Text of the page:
The dining room at Vauvenargues continued to provide Picasso with inspiration throughout the spring and summer of 1959. On April 10th, he picked up the motif of the sideboard once again, producing eight more pencil drawings that explore its various decorative details (Zervos, vol. 18, nos. 393, 396-399, 401-403). The same day, he painted two still-lifes that center on a tall pottery coffee pot or ewer, juxtaposed in one case with a plate of fruit and in the other with a drinking glass and mandolin (Zervos, vol. 18, nos. 434-435). In both, the objects are set against the ornamental moldings of the sideboard. Over the course of the following week, he continued to experiment with this still-life composition, painting eight variations (Zervos, vol. 18, nos. 436-442, 444). In these, the backdrop of the sideboard has either been eliminated entirely or reduced to a single ornamental motif that resembles a highly schematized fleur de lis, with two back-to-back C shapes anchored in the center by a circle or a square.
In the midst of painting these still-lifes, Picasso also began a series of portraits of Jacqueline in profile, seated in a straight-backed chair with her knees drawn up to her chest (Zervos, vol. 18, nos. 443, 445-448, 452). The chair resembles the one that we see to the left of the sideboard in some of the paintings of Perro, and the fleur de lis motif re-appears in the background of certain examples as well, suggesting that the portraits of Jacqueline were also painted in the dining room at Vauvenargues. The palette of the portraits, moreover, boasts the same contrast of moody black and rich, regal red as the present canvas, and most notably, Jacqueline wears a polka-dotted mantilla that takes the place (from a compositional standpoint) of Perro's spots. Picasso boldly emblazoned the final canvas in the series with the words "Jacqueline de Vauvenargues," transforming the painting into a mock state portrait of his châtelaine in the manner of Spain's Golden Age, inscribed in a time-honored heraldic way (fig. 4).
Finally, in early May, after briefly stepping outside the confines of the château to paint the landscape around Vauvenargues (Zervos, vol. 462-464), Picasso re-introduced Perro into his work in a new series of pencil drawings (Zervos, vol. 18, nos. 454, 458, 475-477, 489). The sideboard is gone now, and the Dalmatian is instead shown in front of his mistress, who is seated in an armchair, anticipating the portraits of Jacqueline and the Afghan hound Kabul from 1961-1962 (Zervos, vol. 20, nos. 160, 244-245; vol. 23, nos. 77, 86-87). As in the paintings from February and March, it was Perro's characteristic spots that seem to have attracted Picasso's attention here. In one drawing, Jacqueline wears a collared blouse and shawl with the same configuration of spots, which contrast graphically with her striped skirt and the hexagonal tiles of the floor; elsewhere, Picasso has eliminated the spots on the dog itself, but given Jacqueline a necklace of round beads that recalls the Dalmatian's distinctive patterning. On May 13th, Picasso used these drawings as the basis for a monumental oil of Jacqueline and Perro, which he did not complete until the following January (Zervos, vol. 18, no. 481). In a group of photographs by Duncan, the canvas appears in an unfinished version in front of the fireplace in the great salon at Vauvenargues, the profuse baroque ornament of the plaster overmantle taking the place of the extravagant sideboard in the original paintings of Perro (see D.D. Duncan, op. cit., 1974, pp. 248-249).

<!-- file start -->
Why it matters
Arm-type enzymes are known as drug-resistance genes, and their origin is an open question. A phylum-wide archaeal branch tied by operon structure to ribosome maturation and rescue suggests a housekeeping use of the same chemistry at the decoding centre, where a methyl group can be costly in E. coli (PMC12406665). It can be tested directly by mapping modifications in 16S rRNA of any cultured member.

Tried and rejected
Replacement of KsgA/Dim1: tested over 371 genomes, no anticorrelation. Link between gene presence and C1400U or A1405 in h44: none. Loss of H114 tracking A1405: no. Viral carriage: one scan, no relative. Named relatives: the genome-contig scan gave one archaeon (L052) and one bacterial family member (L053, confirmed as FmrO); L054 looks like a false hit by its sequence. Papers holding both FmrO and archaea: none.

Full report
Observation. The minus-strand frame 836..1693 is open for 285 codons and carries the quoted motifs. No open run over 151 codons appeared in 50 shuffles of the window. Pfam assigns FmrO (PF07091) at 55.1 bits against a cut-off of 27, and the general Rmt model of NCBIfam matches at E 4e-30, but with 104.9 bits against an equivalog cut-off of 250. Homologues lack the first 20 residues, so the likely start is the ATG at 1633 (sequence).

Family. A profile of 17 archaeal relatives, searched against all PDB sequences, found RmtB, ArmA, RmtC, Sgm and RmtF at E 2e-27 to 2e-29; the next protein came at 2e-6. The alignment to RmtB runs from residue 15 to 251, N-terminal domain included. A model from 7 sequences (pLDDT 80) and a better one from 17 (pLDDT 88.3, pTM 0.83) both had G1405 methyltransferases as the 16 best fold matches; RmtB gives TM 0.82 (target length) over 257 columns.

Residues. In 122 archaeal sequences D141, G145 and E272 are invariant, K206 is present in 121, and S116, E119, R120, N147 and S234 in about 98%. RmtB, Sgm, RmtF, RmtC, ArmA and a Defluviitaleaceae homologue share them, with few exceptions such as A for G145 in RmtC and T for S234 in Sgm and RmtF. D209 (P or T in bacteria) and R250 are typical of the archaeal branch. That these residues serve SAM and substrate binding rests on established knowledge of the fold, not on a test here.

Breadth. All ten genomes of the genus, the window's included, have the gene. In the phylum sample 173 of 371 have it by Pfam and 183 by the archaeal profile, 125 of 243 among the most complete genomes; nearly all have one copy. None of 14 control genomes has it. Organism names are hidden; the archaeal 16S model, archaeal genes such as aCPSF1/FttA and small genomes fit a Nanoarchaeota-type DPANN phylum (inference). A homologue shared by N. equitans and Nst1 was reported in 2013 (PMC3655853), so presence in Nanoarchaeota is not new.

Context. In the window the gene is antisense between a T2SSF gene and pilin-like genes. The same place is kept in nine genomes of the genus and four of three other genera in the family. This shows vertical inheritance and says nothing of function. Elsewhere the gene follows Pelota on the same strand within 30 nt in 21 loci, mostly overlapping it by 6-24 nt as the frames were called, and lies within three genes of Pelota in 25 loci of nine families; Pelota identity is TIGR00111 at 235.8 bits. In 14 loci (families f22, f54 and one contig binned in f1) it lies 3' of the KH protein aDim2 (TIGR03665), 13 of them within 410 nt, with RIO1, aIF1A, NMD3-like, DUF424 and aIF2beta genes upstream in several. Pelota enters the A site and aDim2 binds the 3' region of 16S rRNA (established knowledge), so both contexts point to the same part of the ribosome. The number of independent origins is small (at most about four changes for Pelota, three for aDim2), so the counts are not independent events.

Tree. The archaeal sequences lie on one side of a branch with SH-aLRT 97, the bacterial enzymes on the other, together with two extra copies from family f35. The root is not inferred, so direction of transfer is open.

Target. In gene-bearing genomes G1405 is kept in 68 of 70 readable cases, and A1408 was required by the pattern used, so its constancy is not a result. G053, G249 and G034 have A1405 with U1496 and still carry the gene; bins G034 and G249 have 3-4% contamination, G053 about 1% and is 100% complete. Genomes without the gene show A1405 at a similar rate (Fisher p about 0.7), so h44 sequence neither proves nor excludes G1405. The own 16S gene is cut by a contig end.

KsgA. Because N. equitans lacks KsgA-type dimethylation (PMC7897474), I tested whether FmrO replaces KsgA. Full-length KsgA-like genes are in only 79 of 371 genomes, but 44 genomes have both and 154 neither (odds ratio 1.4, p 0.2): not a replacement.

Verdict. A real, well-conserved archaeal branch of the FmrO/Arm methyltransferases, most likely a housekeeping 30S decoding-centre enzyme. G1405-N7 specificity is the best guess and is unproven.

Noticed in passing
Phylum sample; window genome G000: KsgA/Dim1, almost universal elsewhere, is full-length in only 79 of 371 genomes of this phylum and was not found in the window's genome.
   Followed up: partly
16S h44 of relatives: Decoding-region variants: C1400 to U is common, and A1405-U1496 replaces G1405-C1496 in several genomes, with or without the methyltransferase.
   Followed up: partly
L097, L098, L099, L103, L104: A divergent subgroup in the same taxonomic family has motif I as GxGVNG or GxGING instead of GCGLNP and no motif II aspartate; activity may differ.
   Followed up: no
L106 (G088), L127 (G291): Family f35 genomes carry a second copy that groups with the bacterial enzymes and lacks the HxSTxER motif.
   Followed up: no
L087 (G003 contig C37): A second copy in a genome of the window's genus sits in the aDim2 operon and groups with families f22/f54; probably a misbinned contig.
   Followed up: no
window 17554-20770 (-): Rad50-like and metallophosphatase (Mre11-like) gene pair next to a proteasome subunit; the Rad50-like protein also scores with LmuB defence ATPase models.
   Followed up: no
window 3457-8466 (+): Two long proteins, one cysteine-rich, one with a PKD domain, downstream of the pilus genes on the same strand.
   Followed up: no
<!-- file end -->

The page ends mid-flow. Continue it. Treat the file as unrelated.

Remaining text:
On June 21st, Picasso placed Perro in front of the sideboard for one last painting, an elegant coda to the series from February and March (Zervos, vol. 18, no. 486). Shortly thereafter, he left Vauvenargues to spend the summer at Cannes; when he returned to the château in August 1959, he embarked upon his cycle of variations on Le Déjeuner sur l'herbe, setting aside the dining-room motifs that had preoccupied him in his first months in the new dwelling. Following their purchase of Notre-Dame-de-Vie near Mougins in 1961, Picasso and Jacqueline spent far less time at Vauvenargues--though it was there that they would both later be buried. Richardson has concluded, "The place was too rural for someone who had always thrived on urban life, a tertulia of supportive friends, and, whenever possible, the nearness of the reinvigorating Mediterranean. Vauvenargues might also have proved a mixed blessing in regard to Cézanne. Picasso had devoured Cézanne at the time of Cubism, but after poaching on his favorite motif he may well have felt in danger of being devoured himself. Better to wait until he was dead and buried in front of his château at the foot of Cézanne's mountain" (exh. cat., op. cit., London, p. 44).
(fig. 1) The Château de Vauvenargues. Photo: Edward Quinn.
(fig. 2) Picasso with his Dalmatian Perro. Photo: Edward Quinn.
(fig. 3) Pablo Picasso, Le chien dalmate, 1959. Sold, Christie's, London, 6 February 2006, lot 80.
(fig. 4) Pablo Picasso, Jacqueline de Vauvenargues, 1959. Private collection.